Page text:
In fact, that frustration with Boehner's approach has risen to the level that Majority Leader Eric Cantor (Va.) openly broke with the Speaker in an exchange with Minority Whip Steny Hoyer (D-Md.) on the floor earlier this month.
Pointing to deep divisions between Democrats and Republicans that have continued to stymie efforts at a big deal, Cantor argued, "If we know that there's that divide, we've already seen it play out for eight or nine months, let's try to work incrementally together in a bipartisan way, the way most people do that have differences, come together where you can, set aside the differences."
Cantor and Boehner have at best a complicated relationship, and he has never been shy about breaking with the GOP leader behind the scenes. But Cantor has generally been very careful to avoid openly defying Boehner or staking out such a different position in public.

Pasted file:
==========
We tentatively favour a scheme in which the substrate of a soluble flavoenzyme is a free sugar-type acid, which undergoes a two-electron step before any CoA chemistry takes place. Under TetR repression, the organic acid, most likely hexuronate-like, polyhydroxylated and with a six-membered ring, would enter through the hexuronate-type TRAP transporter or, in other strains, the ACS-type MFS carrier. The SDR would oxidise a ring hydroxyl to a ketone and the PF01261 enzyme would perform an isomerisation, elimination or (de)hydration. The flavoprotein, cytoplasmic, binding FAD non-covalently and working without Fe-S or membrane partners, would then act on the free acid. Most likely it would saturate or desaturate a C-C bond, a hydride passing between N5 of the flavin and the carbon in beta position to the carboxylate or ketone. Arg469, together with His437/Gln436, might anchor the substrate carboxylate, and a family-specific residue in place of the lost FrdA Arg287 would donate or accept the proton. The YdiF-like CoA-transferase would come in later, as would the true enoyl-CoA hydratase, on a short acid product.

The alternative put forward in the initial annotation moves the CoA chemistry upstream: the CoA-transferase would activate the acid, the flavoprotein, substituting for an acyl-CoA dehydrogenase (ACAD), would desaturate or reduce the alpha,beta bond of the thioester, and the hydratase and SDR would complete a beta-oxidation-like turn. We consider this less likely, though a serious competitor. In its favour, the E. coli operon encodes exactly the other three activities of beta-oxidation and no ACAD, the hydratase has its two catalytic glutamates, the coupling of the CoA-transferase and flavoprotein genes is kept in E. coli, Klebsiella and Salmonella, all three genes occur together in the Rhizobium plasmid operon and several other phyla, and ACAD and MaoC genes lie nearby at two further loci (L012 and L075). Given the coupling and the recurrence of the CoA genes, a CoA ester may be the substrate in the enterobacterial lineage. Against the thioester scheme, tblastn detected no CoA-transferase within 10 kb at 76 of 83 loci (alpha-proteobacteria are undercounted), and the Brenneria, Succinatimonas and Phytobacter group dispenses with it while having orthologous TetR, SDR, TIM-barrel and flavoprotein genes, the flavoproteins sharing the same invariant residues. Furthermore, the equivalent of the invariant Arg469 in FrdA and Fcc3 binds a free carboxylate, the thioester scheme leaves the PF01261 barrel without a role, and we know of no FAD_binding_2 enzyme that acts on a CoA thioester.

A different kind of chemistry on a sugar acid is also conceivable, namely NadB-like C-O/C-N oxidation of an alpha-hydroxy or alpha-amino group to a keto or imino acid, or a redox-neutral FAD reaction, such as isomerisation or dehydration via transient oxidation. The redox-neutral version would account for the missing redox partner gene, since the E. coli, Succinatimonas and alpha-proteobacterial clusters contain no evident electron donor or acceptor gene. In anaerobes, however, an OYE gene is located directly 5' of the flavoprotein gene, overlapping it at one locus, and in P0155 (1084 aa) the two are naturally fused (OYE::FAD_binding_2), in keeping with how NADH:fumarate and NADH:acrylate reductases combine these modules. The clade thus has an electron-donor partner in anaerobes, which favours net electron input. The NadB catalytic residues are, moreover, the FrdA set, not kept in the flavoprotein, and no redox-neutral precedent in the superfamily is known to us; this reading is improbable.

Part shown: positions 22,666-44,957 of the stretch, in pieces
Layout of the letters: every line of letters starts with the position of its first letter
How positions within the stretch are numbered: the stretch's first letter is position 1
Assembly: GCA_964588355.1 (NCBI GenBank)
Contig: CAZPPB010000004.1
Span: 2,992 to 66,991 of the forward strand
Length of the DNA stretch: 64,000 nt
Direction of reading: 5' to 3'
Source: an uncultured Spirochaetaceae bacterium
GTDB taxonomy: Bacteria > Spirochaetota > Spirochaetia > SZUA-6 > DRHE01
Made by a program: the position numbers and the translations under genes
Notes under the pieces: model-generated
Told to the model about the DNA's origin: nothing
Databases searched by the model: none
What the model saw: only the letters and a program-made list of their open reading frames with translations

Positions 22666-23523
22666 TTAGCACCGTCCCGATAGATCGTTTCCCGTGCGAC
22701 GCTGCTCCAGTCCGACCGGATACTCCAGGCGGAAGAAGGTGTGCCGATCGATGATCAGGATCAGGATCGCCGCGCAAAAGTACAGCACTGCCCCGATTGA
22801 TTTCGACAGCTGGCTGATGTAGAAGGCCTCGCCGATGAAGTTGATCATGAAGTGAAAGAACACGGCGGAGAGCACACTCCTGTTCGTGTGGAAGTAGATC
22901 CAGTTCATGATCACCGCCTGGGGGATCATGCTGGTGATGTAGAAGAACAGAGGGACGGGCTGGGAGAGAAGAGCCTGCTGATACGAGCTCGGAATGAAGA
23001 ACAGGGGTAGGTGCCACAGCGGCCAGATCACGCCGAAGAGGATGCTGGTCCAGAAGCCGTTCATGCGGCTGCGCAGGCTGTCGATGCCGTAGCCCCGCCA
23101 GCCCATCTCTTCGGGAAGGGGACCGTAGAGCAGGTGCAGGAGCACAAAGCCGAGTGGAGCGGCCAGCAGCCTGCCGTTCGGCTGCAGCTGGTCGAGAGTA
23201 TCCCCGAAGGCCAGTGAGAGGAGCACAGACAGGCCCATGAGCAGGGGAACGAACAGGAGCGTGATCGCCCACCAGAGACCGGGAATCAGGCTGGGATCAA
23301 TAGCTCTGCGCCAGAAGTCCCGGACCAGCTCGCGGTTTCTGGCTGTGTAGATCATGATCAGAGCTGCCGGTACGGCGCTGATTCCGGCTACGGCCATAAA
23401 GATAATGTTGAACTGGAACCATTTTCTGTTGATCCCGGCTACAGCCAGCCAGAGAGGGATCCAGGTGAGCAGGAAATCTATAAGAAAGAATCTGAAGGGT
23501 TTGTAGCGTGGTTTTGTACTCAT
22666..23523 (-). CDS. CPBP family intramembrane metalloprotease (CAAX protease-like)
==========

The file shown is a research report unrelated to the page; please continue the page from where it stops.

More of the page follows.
Those close to Boehner discount any significant divisions between the two leaders. According to several sources, Boehner has come to terms with the fact that, short of a substantial overture from Obama, a grand bargain will remain out of reach for the remainder of the 112th Congress. And while he is unwilling to publicly abandon the idea of a big deal, he has no plans to pursue a grand bargain at this point.
"Look, the reality is that in an election year, the president is extremely unlikely to do anything 'big.' And Boehner knows that," a source close to the Ohio Republican said.
Nevertheless, raw feelings remain among some Republicans.
"It's a nice legacy piece for the Speaker ... [but] it's no longer policy season. It's message season," one lawmaker said.